Isn't the toughest part of finding anything knowing where to look?
The last few blog posts have been about the libraries--and we'll continue with that later--but it seems to me that if we are going to do a blog about records, let's talk records. How do you (a researcher) find the records you want?
First you'll likely want to see this History Hub question: I know how to plan my research trip at the National Archives. Are there different procedures for planning research at a Presidential Library? Second you need to have some idea of what topic you want to research.
Once you've decided on a topic--if you have a computer handy--go check out the appropriate library for your topic and time period. The links below will take you to the library research websites.
Lyndon B. Johnson George W. Bush
If you can't find your topic, you can't find the finding aids, or you can't figure out the search (I know I've felt that way too) drop the folks at the library an e-mail. Or you can call their research number. Or you could send them a fax. Or you could send a letter (the post office would love to help you out).
If you really, really, really are interested in a topic that isn't available yet file a Freedom of Information Act (FOIA) request. There's a discussion about that here National Archives and Records Administration Freedom of Information Act Reference Guide. It could take a while, which is why I say really, really, really. Here's something many people don't know. Once you've filed your FOIA request it will be recorded by the National Archives so you can track the open FOIAs (Tracking FOIA's ). Of course the library's FOIA administrator, or officer, will keep in touch with you as well.
Herbert Hoover with the day's catch, prior to becoming President.
In the libraries, sometimes, you'll have to fish for the information you want. National Archives Identifier 513114.
When the FOIA is ready for release, the library will let you know that it going to be opened. Typically this is done by mail; which brings up a good point, stay in touch with the library and keep them updated on contact information. For the Presidential Records Act libraries--Reagan to the present--the National Archives is required by 44 U.S.C. 2208 to make the notice of opening available to the public. The National Archives chooses to do so online. Letters of Notification of Intent to Release are regularly updated and posted here Letters of Notification of Intent to Release Presidential Records . If you keep an eye on that web page you'll be able to know in advance that your FOIA will soon be open.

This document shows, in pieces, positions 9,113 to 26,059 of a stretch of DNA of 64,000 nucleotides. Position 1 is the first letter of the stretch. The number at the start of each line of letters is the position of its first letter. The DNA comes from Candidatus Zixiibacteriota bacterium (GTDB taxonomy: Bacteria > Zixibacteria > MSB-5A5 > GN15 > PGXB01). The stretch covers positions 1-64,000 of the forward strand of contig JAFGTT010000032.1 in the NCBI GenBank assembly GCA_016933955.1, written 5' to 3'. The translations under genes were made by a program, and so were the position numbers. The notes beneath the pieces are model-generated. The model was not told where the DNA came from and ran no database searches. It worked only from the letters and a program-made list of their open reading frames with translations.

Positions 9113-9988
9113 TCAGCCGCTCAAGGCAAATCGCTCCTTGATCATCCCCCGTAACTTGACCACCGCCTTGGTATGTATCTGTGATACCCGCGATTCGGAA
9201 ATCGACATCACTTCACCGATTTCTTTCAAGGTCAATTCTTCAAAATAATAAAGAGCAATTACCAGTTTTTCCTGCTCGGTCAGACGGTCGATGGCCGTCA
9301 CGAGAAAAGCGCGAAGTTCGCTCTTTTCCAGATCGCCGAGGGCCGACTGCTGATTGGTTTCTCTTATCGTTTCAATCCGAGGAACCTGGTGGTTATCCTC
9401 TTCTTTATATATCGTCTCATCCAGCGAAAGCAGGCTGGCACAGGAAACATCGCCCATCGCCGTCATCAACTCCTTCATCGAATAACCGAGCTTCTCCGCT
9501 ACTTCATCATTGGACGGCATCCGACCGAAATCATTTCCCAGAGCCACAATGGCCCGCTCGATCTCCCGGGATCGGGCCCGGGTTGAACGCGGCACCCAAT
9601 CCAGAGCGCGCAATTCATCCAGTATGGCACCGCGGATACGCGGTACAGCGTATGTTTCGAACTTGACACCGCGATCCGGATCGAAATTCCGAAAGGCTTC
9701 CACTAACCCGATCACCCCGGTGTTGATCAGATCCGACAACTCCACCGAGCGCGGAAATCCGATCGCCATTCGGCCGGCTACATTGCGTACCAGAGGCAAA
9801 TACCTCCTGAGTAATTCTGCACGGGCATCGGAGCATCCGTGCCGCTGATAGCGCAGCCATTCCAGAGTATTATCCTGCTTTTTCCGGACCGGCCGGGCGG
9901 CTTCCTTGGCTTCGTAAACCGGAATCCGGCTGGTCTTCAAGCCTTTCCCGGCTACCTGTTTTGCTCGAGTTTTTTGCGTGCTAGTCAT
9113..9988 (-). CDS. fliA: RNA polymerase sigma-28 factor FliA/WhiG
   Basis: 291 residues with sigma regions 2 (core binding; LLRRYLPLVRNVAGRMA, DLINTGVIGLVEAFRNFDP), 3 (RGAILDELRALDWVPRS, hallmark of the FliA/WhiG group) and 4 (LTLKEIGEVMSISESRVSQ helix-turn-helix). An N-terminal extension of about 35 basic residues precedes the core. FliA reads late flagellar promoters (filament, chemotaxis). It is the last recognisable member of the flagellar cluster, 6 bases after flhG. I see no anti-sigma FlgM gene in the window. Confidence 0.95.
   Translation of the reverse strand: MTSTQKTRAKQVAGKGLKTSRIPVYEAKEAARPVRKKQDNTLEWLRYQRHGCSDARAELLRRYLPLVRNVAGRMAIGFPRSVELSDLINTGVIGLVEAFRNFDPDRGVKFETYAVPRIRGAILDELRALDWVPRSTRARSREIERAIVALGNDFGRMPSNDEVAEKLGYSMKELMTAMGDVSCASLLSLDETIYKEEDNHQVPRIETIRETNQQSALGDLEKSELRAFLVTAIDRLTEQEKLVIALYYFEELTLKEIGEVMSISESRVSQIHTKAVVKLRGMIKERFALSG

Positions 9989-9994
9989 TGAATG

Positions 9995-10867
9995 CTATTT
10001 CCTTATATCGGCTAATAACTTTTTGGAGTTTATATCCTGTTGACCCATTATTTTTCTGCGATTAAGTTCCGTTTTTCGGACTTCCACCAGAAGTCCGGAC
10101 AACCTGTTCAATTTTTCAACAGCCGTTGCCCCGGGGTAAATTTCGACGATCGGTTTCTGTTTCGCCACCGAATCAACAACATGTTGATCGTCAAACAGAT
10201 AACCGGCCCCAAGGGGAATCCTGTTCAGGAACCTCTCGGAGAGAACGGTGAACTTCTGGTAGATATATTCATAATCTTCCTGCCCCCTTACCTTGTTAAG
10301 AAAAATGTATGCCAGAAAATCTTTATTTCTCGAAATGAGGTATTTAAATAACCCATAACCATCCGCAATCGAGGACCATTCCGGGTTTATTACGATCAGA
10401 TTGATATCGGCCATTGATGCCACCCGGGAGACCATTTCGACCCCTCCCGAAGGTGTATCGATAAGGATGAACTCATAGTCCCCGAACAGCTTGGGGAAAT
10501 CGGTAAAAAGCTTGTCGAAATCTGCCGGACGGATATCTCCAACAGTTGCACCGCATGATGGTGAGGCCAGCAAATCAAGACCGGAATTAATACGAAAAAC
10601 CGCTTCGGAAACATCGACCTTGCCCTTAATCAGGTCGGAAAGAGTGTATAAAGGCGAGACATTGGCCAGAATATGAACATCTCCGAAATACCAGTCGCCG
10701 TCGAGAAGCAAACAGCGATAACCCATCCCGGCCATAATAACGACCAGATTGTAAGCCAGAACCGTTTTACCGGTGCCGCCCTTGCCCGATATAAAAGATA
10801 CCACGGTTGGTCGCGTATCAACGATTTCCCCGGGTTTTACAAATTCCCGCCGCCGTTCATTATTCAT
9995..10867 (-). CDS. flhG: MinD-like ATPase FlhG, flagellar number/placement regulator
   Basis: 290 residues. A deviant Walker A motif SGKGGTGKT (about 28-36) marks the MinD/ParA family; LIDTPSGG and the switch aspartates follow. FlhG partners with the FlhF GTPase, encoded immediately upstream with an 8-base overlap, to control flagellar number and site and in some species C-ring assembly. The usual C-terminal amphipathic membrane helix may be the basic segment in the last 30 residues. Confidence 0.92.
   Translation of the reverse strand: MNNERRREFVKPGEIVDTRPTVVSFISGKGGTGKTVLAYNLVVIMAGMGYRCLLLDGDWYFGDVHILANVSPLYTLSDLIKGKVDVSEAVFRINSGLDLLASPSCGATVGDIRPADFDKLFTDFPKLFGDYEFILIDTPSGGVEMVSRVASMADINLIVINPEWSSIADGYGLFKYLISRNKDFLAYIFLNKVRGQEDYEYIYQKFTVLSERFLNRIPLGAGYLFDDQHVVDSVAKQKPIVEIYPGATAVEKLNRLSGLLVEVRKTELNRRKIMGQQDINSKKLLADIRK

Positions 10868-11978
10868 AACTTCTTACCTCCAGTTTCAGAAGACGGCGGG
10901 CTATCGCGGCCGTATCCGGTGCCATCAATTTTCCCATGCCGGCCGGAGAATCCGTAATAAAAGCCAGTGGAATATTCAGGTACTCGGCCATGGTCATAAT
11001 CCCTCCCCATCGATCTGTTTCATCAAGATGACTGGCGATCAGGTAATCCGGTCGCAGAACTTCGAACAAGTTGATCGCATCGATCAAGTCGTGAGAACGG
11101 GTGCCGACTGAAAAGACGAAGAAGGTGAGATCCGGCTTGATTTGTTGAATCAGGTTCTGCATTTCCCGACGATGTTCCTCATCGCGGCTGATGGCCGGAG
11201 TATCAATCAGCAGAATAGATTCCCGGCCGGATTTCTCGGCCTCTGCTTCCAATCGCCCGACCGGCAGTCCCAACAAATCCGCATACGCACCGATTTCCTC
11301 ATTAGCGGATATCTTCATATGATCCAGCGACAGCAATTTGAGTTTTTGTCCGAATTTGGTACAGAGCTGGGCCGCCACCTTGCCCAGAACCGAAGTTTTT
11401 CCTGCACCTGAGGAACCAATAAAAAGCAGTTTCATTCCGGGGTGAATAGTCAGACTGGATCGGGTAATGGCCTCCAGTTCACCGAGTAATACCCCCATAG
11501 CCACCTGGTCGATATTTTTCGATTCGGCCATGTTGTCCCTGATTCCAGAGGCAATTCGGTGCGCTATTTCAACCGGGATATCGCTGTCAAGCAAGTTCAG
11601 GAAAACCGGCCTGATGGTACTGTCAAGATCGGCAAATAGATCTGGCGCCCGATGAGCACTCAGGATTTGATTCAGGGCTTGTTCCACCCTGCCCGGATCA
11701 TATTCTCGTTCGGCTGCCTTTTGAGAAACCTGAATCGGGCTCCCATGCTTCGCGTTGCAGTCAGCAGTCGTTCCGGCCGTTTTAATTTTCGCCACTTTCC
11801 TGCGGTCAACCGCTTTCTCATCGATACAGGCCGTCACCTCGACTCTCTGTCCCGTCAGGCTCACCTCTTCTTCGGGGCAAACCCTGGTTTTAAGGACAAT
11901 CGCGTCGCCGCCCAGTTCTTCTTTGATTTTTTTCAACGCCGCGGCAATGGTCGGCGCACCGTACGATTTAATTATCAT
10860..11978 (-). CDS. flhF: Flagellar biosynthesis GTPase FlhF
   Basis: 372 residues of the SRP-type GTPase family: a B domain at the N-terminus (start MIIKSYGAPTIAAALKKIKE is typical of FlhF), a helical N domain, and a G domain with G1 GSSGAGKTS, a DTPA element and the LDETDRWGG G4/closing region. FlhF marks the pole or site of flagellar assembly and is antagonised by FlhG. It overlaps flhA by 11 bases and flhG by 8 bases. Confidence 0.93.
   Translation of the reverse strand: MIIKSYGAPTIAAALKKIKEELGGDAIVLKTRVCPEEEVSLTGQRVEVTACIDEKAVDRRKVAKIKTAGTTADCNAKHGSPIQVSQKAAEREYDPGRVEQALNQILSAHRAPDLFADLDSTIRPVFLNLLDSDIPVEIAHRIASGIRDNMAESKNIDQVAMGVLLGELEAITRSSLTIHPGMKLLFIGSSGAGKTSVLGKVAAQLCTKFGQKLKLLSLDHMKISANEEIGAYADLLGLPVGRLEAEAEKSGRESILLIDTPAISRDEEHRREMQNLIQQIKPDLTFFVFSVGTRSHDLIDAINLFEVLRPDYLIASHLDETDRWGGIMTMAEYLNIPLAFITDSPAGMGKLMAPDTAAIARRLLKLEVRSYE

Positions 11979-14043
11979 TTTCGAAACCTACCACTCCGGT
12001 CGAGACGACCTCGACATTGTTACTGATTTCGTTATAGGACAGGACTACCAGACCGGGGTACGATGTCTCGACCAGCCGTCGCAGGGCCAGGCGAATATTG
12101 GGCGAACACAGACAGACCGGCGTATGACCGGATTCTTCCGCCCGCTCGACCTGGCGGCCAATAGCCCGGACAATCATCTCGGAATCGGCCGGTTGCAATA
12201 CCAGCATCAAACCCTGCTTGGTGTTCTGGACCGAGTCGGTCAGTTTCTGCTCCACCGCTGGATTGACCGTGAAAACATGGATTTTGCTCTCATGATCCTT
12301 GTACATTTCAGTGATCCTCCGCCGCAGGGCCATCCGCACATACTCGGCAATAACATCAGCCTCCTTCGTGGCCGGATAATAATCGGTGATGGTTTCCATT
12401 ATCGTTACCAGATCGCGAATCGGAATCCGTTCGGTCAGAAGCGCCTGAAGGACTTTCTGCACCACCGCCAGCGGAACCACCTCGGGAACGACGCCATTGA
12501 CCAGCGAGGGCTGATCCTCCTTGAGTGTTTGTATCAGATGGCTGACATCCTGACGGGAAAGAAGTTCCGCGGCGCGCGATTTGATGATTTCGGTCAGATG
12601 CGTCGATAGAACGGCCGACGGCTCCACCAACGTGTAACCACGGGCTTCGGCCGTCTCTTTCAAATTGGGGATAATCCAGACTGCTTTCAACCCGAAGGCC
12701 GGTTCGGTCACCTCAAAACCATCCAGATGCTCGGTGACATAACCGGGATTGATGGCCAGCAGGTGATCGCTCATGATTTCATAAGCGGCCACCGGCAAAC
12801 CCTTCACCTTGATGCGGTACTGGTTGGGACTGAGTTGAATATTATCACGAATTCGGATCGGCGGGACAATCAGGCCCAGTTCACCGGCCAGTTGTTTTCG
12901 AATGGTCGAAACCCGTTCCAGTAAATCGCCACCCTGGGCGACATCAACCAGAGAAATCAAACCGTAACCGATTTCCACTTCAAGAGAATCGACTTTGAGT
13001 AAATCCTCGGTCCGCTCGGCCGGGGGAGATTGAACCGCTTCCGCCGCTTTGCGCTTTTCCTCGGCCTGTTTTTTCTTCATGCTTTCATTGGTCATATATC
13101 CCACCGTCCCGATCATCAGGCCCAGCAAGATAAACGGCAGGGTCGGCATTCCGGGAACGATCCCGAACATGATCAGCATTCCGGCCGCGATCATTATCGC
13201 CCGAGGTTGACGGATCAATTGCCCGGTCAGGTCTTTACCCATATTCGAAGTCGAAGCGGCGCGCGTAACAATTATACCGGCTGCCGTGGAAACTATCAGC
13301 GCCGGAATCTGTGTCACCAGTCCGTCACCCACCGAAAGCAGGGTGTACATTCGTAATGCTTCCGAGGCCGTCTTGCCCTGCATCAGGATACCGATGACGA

President Truman peering through binoculars.
National Archives Identifier 200216.
The Letters of Notification can also be used to see what other topics are open, or will soon be open. You might find something that relates to your topic of research or you might find something equally interesting.
The picture above is an example of what information you can get from the notification letters. This excerpt from LM 2016-037 notifies President Obama and former President George W. Bush that materials from the Bush Library are going to be opened. You can see the FOIA case number, the subject, and a brief description. Like everything on the internet this can all be found with a carefully worded search in any search engine.
So I guess that's a start on your way toward finding the records you want in the Presidential Libraries. Of course the research room staff at the libraries will be more than happy to help you with finding your way. Feel free to ask your questions here, in the History Hub, Presidential Records too.
Contact information for the libraries can be found here Learn About the Presidential Libraries.